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-most games see little to no effect from HT though because they're highly serialized in their programming so for gaming systems the i5 is usually the better choice right now.

 

It's ironic because games are one of the few apps where parallel programming would come in handy, but then again, trying to predict the outcome of certain threads (randomly) is the whole reason why games can't be easily parallelisied like more restrictive apps. Plus, there is the whole "It has to run on lower system configurations" requirement, too  ^_^

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BTW, there's not a rig on the market that will run FSX with everything set at Max and is stutter free in every scenario...

 

Will there ever be ?

I notice that your system uses a bigger monitor and higher resolution compared to my 1920*1200. How much difference could that do ?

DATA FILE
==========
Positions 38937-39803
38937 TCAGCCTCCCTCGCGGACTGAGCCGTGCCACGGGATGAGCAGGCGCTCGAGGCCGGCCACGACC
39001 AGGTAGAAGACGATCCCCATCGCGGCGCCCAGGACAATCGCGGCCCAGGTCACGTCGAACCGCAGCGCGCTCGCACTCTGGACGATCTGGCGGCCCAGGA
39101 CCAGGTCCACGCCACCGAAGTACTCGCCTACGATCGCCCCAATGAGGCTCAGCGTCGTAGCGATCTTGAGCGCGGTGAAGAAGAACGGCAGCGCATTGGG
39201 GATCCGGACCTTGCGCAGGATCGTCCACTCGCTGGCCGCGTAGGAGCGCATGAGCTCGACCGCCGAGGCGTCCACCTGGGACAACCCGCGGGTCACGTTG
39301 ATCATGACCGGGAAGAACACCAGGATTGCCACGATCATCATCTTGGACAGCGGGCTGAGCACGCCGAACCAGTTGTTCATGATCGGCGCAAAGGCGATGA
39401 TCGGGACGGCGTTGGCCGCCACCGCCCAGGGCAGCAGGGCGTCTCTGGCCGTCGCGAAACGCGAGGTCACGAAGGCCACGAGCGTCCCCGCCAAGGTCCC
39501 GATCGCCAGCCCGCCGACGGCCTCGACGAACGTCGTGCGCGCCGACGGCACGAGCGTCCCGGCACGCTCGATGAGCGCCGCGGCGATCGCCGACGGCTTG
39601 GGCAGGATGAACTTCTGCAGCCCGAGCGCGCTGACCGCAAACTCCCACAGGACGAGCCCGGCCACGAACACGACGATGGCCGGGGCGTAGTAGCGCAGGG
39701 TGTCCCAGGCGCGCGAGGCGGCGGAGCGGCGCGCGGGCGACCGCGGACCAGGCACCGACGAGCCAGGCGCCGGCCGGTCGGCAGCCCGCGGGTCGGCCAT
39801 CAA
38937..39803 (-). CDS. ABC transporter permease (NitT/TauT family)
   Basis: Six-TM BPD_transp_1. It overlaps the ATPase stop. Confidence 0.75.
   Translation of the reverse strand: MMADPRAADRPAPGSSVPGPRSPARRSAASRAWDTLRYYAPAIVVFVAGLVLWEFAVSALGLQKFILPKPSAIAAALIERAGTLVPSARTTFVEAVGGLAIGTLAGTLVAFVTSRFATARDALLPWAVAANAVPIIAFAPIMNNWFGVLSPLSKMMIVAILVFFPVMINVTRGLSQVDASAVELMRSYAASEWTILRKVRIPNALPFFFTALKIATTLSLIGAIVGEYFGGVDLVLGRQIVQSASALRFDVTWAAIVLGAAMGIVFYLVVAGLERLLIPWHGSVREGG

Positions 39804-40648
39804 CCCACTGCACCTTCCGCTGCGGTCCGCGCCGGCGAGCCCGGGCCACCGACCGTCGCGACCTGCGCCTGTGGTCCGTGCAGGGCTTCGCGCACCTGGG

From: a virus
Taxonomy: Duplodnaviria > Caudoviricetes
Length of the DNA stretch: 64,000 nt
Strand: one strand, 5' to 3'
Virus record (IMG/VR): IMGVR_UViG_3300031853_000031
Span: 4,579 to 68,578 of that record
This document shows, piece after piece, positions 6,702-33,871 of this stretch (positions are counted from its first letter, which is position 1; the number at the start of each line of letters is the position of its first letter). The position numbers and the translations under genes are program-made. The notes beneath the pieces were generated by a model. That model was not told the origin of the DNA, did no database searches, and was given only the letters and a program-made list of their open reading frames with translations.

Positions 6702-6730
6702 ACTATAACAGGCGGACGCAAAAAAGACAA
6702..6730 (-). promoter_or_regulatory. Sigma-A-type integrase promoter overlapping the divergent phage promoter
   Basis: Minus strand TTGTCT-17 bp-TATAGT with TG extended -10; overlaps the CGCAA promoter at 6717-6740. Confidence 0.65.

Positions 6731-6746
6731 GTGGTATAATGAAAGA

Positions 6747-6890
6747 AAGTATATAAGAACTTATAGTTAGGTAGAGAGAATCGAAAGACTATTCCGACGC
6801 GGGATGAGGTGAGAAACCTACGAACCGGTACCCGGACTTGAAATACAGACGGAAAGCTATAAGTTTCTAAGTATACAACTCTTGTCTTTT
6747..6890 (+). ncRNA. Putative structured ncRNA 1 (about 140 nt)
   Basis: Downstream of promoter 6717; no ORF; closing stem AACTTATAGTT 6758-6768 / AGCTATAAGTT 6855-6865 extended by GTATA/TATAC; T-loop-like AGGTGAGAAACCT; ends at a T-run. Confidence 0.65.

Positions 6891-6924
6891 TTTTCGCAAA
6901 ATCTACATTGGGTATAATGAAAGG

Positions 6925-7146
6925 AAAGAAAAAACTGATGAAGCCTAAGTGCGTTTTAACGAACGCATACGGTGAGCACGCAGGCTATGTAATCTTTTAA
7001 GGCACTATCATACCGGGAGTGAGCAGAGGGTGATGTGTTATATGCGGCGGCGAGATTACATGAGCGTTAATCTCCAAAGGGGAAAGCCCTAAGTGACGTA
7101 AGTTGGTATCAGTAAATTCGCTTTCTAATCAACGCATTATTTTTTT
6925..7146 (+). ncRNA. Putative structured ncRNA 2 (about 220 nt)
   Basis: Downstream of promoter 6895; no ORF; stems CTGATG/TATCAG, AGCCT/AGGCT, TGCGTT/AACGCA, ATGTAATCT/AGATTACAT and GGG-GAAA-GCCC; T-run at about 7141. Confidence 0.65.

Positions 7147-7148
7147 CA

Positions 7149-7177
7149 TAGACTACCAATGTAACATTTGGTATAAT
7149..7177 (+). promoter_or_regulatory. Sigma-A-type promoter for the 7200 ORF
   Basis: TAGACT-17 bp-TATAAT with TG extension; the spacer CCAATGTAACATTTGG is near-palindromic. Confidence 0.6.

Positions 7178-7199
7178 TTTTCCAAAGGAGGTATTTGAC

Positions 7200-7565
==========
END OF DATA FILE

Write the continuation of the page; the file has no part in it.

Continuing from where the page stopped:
n general the i7 is considered the high end chip because it has hyperthreading

 

Actually when reading the official guide I was referring to it seems more that an I7 could be over clocked to higher speeds compared to an I5. 

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Will there ever be ?

I notice that your system uses a bigger monitor and higher resolution compared to my 1920*1200. How much difference could that do ?

 

Hiya, I noticed between 10-15% reduction in frames. It just meant that I reduced my AI and traffic sliders down a tad to compensate.

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In general the i7 is considered the high end chip because it has hyperthreading (which is essentially creating virtual cores using idle CPU cycles in between operations) - most games see little to no effect from HT though because they're highly serialized in their programming so for gaming systems the i5 is usually the better choice right now. To get the really high OCs on i7s you have to turn off HT anyway, which effectively makes the chip an i5.

 

Not to mention hyperthreading also generates a lot more heat unless you disable it. Buy the biggest baddest i5, spend the rest of the money on good components, and you will have a very "high-end" flight simming computer.